• Identifying the pursuit of racial equity and environmental justice as goals that should guide all our work at the School of Architecture, we completed a review and re-organization of all our committees, drafting terms of references that identified shared responsibilities and mandates towards our progress on this work. We also have one School of Architecture faculty member on the University of Waterloo Faculty Association’s Indigenization Working Group.
  • We continue the practice of including an equity statement in all course outlines to clearly describe the process for addressing any discrimination or forms of micro-aggressions, a statement and process developed in collaboration with resources in the  Equity Office; We maintain a link of Anti-Racism Resources on the School of Architecture’s landing page; Meanwhile, many staff and faculty members continue to participate in internal and external trainings in a range of workshops, including but not limited to anti-racism training, inclusive curriculum design, and sustainability certificate.

In relation to the Curriculum, the School is responding to the call to develop overarching pedagogical objectives related to social and ecological justice, and the renew the School’s curriculum:

  • Working from the recommendations and summary of the REEJ Cultural History working group, a group of seven faculty members currently teaching cultural history courses have been re-envisioning the Cultural History stream’s framework and breadth. The proposed changes – developed through a series of meetings, discussion with members of different REEJ working groups, and based on the resources gathered and summary document produced by the REEJ working group – is now being reviewed by the Curriculum and Teaching Committee, so that it can be submitted later this month and approved in time for the earliest cycle of calendar revisions (i.e. 2022).
  • We continue to offer electives that expand the range of cultural perspectives with expertise and focus on social and environmental justice. This past semester, some of these courses included Anwar Jaber’s Divided Cities: The Politics of Mapping and Design,  and Sarah Gunawan’s Architecture Across the Ecological Continuum, as well as a studio co-coordinated by Adrian Blackwell and Cheryll Case, entitled Affordable Housing is Environmental Justice: Confronting Systemic Bias in the Housing and Climate Crises.  
  • As part of the Professional Practice course, John McMinn coordinated a series of presentations introduction practices internationally, the Global Practice Sessions, which is open to all the School Community.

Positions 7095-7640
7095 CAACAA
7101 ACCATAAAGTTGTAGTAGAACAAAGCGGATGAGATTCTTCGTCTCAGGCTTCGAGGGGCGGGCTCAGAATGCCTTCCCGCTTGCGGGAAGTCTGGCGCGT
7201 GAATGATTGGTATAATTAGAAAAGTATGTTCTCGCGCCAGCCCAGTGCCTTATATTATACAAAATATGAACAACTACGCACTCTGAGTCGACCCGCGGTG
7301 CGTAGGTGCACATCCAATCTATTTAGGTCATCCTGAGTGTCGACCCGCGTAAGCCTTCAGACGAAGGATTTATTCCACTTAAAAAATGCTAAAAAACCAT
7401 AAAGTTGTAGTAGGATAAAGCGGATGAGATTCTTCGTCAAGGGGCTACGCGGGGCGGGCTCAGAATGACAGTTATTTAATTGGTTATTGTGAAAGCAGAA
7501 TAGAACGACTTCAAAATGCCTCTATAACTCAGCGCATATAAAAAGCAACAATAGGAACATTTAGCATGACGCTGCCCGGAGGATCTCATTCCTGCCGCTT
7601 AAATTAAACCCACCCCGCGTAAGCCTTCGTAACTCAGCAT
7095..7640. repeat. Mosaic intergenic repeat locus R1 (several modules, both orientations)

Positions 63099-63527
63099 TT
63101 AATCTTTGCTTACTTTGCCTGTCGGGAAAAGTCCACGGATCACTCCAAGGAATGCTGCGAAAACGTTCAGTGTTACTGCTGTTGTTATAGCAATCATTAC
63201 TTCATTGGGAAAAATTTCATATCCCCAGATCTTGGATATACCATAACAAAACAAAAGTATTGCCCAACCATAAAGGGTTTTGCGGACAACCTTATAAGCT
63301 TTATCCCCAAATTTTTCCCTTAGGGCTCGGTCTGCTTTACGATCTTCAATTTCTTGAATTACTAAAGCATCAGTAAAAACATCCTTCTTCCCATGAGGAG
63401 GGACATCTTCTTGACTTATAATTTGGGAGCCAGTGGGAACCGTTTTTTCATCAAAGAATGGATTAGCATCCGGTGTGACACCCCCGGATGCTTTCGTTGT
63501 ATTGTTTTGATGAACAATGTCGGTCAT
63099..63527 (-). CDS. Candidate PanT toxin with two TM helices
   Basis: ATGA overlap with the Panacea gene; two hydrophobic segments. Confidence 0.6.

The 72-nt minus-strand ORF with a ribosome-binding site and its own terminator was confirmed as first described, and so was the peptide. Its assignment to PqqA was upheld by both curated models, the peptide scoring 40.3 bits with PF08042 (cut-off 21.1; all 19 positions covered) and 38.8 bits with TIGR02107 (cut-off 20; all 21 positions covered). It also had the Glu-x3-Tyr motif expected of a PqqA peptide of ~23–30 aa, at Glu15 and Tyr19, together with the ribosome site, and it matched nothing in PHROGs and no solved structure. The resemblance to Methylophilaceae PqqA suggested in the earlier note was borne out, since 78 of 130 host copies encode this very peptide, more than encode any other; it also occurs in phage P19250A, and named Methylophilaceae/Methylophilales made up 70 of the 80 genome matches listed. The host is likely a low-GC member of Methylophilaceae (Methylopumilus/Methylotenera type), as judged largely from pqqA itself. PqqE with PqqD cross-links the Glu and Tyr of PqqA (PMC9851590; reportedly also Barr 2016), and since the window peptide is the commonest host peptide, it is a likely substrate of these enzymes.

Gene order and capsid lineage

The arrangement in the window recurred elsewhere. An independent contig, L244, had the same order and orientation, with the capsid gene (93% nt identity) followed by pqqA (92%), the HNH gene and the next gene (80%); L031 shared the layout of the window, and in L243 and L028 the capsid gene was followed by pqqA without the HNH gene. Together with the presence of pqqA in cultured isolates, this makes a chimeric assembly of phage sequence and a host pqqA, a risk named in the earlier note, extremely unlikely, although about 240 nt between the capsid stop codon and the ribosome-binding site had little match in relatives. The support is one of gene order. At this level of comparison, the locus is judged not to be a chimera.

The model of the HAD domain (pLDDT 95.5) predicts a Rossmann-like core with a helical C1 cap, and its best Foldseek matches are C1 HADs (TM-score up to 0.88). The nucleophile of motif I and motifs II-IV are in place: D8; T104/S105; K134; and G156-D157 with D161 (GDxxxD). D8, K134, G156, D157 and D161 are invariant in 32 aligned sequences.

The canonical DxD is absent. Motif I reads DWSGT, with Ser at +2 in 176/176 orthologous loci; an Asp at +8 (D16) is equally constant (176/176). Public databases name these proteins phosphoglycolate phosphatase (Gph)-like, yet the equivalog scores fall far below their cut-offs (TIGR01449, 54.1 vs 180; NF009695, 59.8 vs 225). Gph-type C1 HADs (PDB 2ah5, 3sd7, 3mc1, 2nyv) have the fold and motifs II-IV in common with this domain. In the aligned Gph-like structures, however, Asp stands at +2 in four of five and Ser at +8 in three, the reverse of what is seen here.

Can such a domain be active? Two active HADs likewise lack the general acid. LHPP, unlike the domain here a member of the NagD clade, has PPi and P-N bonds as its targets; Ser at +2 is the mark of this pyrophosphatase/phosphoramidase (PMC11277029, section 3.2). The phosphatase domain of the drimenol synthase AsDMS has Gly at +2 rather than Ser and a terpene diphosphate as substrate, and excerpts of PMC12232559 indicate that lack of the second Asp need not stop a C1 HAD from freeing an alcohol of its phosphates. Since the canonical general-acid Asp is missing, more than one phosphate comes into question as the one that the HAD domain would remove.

• The Environmental Building Design course this term was co-taught by Anishinaabe Professor Mkomose (Dr. Andrew Judge), in collaboration with Anna Beznogova, introducing environmental design from broad perspectives that include land stewardship and indigenous sustainable land practices, as well as passive house strategies and other approaches to sustainable and socially responsible environmental design.

In the area of Hiring and Admissions, the School is working to welcome educators, researchers, staff and students that can support and reflect the School of Architecture equity and environmental justice commitments:

  • Responding to the Task Force’s recommendations to develop a system through which teaching faculty can apply for funding bring in speakers belonging to racialized groups  and knowledge of racial equity and environmental justice related topics into classes and workshops, the School created a budget for any faculty who are not teaching studio to apply to fund a guest speaker insofar as the invitation and presentation support the School’s commitment to equity, diversity and environmental justice.
  • We have included and will be updating a statement of the School of Architecture’s commitments to equity on the Sessional lecturers and Career Opportunities pages.
  • We continue our outreach to alumni and partners of the School of Architecture to garner donations to the REEJ Trust Fund – a fund with pledges now just under $60,000 –created to support present or future school community members belonging to racialized groups through programs and activities which may include outreach, research, collaboration, fellowships, Indigenous initiatives, and work on sustainability. The openness of the fund is an invitation to work with specific student and alumni groups to define funding priorities that are best aligned with our goals towards equity and environmental justice.

Outreach is ongoing, with ambitions to work both within the University, in our local communities as well as in the discipline, across Schools of Architecture and in collaboration with government and non-government, non-profit and social movement organizations to share resources. It has involved the efforts by community members engaging various roles and outreach initiatives both within and external to the University of Waterloo.

  • As part of the Grand Studio Design Build, a collaborative group co-led by Cree scholar Jake Chakasim, John McMinn and Cory Zurell, a proposal for an University of Waterloo Indigenous Gathering Space is being prepared in conversation with the Indigenous Initiatives Senior Director Jean Becker.